On a late summer’s night in 1843, U.S.S. Missouri lay anchored in Gibraltar Bay. She and her sister ship, Mississippi, were the most advanced steam frigates on the planet—and the first two such warships in the U. S. Navy. Missouri’s mission was to show herself off to the European powers, and there was no better place to begin than the British bastion at the gateway to the Mediterranean. But a simple accident led to the destruction of the ship before the sun rose again. Burnt to the waterline, Missouri settled to the bottom. For eight and a half years, she defied all attempts to raise or remove her, and began to form a massive sand bar that threatened to ruin the most strategic harbor in the world. Professional divers pronounced the project impossible—until an unknown, self-taught Yankee from Massachusetts took up the contract to raise Missouri ...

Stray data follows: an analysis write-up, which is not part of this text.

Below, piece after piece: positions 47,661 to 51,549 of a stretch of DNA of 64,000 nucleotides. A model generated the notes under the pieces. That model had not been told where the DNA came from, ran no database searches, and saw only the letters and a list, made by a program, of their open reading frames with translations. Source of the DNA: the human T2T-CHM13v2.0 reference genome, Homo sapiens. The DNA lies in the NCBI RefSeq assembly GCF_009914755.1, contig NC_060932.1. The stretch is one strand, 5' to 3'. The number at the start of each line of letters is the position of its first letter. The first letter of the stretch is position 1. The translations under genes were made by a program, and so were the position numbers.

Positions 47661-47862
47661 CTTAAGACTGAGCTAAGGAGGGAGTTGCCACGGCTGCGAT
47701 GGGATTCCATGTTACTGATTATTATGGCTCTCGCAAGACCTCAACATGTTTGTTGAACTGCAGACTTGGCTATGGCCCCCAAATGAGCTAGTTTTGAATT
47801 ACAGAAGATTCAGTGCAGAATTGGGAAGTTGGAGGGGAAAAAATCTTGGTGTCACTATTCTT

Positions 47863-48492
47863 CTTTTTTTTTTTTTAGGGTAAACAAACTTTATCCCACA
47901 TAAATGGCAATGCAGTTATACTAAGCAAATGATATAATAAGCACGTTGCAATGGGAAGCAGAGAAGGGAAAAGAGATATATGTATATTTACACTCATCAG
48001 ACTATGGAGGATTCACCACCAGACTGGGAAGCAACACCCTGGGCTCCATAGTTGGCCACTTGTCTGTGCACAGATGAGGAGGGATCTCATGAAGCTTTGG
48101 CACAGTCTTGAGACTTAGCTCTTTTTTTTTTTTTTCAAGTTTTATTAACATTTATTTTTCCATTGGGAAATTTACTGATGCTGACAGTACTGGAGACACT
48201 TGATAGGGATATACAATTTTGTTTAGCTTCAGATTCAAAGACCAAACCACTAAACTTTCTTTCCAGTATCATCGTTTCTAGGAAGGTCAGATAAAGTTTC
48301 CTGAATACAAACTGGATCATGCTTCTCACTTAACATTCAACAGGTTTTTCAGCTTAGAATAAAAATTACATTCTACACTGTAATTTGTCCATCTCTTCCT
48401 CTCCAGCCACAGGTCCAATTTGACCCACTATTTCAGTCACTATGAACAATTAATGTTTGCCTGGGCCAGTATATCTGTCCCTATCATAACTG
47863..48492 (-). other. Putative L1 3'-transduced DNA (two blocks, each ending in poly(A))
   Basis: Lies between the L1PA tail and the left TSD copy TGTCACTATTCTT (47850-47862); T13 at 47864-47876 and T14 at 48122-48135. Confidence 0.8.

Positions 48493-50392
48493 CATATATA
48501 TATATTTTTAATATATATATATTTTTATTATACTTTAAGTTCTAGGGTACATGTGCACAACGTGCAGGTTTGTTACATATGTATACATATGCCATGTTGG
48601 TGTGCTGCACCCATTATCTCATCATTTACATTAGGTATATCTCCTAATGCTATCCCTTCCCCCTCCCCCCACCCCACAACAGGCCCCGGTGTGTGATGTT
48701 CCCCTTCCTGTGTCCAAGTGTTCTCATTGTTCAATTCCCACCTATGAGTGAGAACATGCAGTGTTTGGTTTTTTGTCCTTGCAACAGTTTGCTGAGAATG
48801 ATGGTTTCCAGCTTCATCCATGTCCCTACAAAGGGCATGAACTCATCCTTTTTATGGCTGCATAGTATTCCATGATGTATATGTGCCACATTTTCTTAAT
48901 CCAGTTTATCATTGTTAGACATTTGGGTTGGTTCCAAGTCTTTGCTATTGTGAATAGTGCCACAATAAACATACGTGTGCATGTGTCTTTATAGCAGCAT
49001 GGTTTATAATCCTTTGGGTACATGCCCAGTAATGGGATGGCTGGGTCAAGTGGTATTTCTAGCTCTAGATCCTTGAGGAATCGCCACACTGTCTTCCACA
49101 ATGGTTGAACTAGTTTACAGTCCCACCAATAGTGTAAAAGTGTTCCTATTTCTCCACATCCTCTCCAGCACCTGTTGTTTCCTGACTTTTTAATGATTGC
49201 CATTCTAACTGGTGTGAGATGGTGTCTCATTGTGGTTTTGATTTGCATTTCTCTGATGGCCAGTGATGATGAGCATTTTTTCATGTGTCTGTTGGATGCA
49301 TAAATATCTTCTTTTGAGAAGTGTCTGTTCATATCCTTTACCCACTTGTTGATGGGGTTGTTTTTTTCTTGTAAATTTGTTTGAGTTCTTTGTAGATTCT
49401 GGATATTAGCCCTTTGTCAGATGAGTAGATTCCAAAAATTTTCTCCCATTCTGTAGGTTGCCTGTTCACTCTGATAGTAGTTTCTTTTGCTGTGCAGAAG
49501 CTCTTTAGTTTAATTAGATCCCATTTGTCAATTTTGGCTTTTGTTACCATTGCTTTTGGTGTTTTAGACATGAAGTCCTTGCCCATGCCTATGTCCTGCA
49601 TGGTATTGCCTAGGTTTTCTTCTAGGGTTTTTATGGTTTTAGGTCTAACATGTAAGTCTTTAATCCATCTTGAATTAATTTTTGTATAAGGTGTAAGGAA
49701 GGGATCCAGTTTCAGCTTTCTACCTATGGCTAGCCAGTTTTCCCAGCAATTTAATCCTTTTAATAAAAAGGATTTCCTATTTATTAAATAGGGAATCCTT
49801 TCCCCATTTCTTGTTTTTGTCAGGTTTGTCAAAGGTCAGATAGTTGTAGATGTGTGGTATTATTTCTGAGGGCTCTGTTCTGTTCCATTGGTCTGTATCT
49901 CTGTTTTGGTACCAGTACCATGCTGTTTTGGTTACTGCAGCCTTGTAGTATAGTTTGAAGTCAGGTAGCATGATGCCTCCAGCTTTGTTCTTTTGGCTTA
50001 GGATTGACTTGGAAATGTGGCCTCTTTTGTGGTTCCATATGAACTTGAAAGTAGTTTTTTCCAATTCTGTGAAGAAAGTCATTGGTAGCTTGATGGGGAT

“History recovered! In 1843, Missouri burned and sank, blocking the harbor at Gibraltar. That was not the end of her story, as Chuck Veit dramatically reveals. This is a tale of Yankee bravado—about an American who stepped up to do what British engineers could not. A roaring good tale!” (Dr. Timothy J. Runyan, East Carolina University)


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